the blue, or red, pill?

the following, an excerpt from matrix philosophy and written by oliver mcadoo, illustrates beautifully the notion that the manner in which one seeks and views truth colours the lenses through which he engages life.

mcadoo seems to think that taking the blue pill will lead one to the truth – eventually. i disagree. i’m not convinced. here’s my reasoning. i think that the blue pill represents learned helplessness: cultural/religious/sociologic repression of certain types of knowledge. DENIAL. with a view to order. with a view to maintaining the status quo. truth cannot exist where repression of knowledge does.

at any rate, the ideas, concepts and reasoning contained within the following excerpt make it worth the read.

remember, my friend … knowledge = empowerment

In the Matrix, which pill would you take, the red or the blue?

The question of which pill to take illustrates the personal aspect of the decision to study philosophy. Do you live on in ignorance (and potentially bliss) or do you lead what Aristotle called ‘the examined life’…

The Matrix is a film filled with religious and philosophical symbolism. The plot supposes that humans live in vats many years in the future, being fed false sensory information by a giant virtual reality computer (the Matrix). The perpetrators of this horror are machines of the future who use humans as a source of power. Humans are literally farmed.

The central character of the film, Neo, is presented to us in the opening part of the film as a loner who is searching for a mysterious character called Morpheus (named after the Greek god of dreams and sleep). He is also trying to discover the answer to the question “What is the Matrix?”

Morpheus contacts Neo just as the machines  [- posing as sinister ‘agents’  – ] are trying to keep Neo from finding out any more. When Morpheus and Neo meet, Morpheus offers Neo two pills. The red pill will answer the question “what is the Matrix?” (by removing him from it) and the blue pill simply for life to carry on as before. As Neo reaches for the red pill Morpheus warns Neo “Remember, all I’m offering is the truth. Nothing more.”

The film as a whole and especially the choosing scene is deeply compelling. Why is the choice between what you believe you know and an unknown ‘real’ truth so fascinating? How could a choice possibly be made? On the one hand everyone you love and everything that you have built you life upon. One the other the promise only of truth.

The question then is not about pills, but what they stand for in these circumstances. The question is asking us whether reality, truth, is worth pursuing. The blue pill will leave us as we are, in a life consisting of habit, of things we believe we know. We are comfortable, we do not need truth to live. The blue pill symbolises commuting to work every day, or brushing your teeth.

The red pill is an unknown quantity. We are told that it can help us to find the truth. We don’t know what that truth is, or even that the pill will help us to find it. The red pill symbolises risk, doubt and questioning. In order to answer the question, you can gamble your whole life and world on a reality you have never experienced.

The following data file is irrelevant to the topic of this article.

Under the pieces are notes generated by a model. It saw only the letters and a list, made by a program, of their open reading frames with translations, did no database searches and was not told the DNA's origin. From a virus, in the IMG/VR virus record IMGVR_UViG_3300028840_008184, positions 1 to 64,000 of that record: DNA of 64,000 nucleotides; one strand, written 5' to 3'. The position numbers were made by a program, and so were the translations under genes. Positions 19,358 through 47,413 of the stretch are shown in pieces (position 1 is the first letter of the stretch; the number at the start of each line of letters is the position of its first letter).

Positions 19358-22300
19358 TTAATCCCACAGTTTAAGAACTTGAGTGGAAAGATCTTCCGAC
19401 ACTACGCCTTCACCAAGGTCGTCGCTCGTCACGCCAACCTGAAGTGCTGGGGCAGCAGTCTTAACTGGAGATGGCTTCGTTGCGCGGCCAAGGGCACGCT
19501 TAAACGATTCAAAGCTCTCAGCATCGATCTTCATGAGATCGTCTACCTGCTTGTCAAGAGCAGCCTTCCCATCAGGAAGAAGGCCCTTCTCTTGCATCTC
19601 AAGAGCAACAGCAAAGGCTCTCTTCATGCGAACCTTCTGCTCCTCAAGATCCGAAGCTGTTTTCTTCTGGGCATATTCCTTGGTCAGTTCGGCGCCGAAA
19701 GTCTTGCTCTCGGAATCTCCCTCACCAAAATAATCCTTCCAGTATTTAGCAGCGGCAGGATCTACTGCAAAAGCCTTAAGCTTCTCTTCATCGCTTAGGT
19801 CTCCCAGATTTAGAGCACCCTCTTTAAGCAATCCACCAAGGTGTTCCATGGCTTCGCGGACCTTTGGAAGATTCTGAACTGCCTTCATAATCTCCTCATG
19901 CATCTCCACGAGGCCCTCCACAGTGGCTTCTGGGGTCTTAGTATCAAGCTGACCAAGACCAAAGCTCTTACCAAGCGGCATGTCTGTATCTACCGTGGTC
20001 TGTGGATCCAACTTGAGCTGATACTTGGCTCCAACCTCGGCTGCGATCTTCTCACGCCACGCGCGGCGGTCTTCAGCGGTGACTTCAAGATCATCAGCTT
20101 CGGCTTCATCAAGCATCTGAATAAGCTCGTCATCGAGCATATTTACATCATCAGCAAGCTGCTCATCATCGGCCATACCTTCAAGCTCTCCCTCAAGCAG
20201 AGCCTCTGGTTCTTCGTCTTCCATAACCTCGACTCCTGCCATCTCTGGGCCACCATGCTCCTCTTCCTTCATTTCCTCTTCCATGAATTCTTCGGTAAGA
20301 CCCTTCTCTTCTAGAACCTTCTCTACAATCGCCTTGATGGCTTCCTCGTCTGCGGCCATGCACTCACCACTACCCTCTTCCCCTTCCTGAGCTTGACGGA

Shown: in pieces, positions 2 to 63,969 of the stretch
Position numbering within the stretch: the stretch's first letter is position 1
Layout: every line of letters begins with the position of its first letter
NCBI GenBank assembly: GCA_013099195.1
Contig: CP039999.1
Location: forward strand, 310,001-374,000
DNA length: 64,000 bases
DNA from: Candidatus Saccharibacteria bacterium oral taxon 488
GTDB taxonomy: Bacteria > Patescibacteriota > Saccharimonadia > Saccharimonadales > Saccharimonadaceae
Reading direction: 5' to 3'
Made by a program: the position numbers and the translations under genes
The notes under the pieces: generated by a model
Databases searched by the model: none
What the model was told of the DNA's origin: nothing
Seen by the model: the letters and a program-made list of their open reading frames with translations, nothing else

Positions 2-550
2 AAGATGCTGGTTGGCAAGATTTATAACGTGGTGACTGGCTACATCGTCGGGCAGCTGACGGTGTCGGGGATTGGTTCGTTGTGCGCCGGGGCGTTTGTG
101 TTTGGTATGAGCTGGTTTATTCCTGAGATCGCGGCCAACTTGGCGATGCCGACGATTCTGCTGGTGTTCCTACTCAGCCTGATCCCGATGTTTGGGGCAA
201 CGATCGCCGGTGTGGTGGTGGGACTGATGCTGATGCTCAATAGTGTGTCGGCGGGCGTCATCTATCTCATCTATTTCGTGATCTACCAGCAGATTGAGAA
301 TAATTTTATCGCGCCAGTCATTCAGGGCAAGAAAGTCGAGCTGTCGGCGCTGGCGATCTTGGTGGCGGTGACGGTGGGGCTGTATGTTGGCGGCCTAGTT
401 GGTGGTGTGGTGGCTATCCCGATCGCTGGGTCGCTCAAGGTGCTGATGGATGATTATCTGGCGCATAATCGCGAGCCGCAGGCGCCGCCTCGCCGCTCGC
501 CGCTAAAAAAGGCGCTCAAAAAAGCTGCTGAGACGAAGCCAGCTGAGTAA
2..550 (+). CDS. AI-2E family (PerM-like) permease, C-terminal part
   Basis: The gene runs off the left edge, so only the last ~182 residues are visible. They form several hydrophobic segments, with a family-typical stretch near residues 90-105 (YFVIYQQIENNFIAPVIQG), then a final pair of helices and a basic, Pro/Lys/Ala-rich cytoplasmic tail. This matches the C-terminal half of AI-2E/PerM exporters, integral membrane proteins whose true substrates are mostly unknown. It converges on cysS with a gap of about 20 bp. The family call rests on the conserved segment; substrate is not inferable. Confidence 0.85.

However, in order to investigate which course of action to take we need to investigate why the choice is faced. Why should we even have to decide whether to pursue truth?

The answer in short, is inquisitiveness. Many people throughout human existence have questioned and enquired. Most of them have not been scientists or doctors or philosophers, but simply ordinary people asking ‘what if?’ or ‘why?’ Asking these questions ultimately leads us to a choice. Do you continue to ask and investigate, or do you stop and never ask again? This in essence, is the question posed to Neo in the film.

So what are the advantages of taking the blue pill? As one of the characters in the film says, “ignorance is bliss” Essentially, if the truth is unknown, or you believe that you know the truth, what is there to question or worry about?

By accepting what we are told and experience life can be easier. There is the social pressure to ‘fit in’, which is immensely strong in most cultures. Questioning the status quo carries the danger of ostracism, possibly persecution. This aspect has a strong link with politics. People doing well under the current system are not inclined to look favourably on those who question the system. Morpheus says to Neo “You have to understand that many people are not ready to be unplugged, and many of them are so inured, so hopelessly dependent on the system that they will fight to protect it.”

The system also has a place for you, an expected path to follow. This removes much of the doubt and discomfort experienced by a trailblazer.

Another argument on the side of the blue pill is how does anyone know that the status quo is not in fact the truth? The act of simply questioning does not infer a lack of validity on the questioned. Why not assume that your experience is innocent until proven guilty? Just accept everything?

So if the arguments for the blue pill are so numerous, why take the red pill? Why pursue truth even though it may be unpalatable and the journey to it hard? In the film, Neo risks death to escape the virtual reality and discovers a brutal reality from which he cannot return. As he discovers the trouble with asking questions is that the answers are not necessarily what you want to hear.

To justify taking the red pill we might ask what is the purpose of an ignorant existence? Further still, what is there in merely existing? Simply existing brings humans down to the level of objects; they might have utility or even purpose, but where is the meaning? Existence without meaning is surely not living your life, but just experiencing it. As Trinity says to Neo, “The Matrix cannot tell you who you are.”

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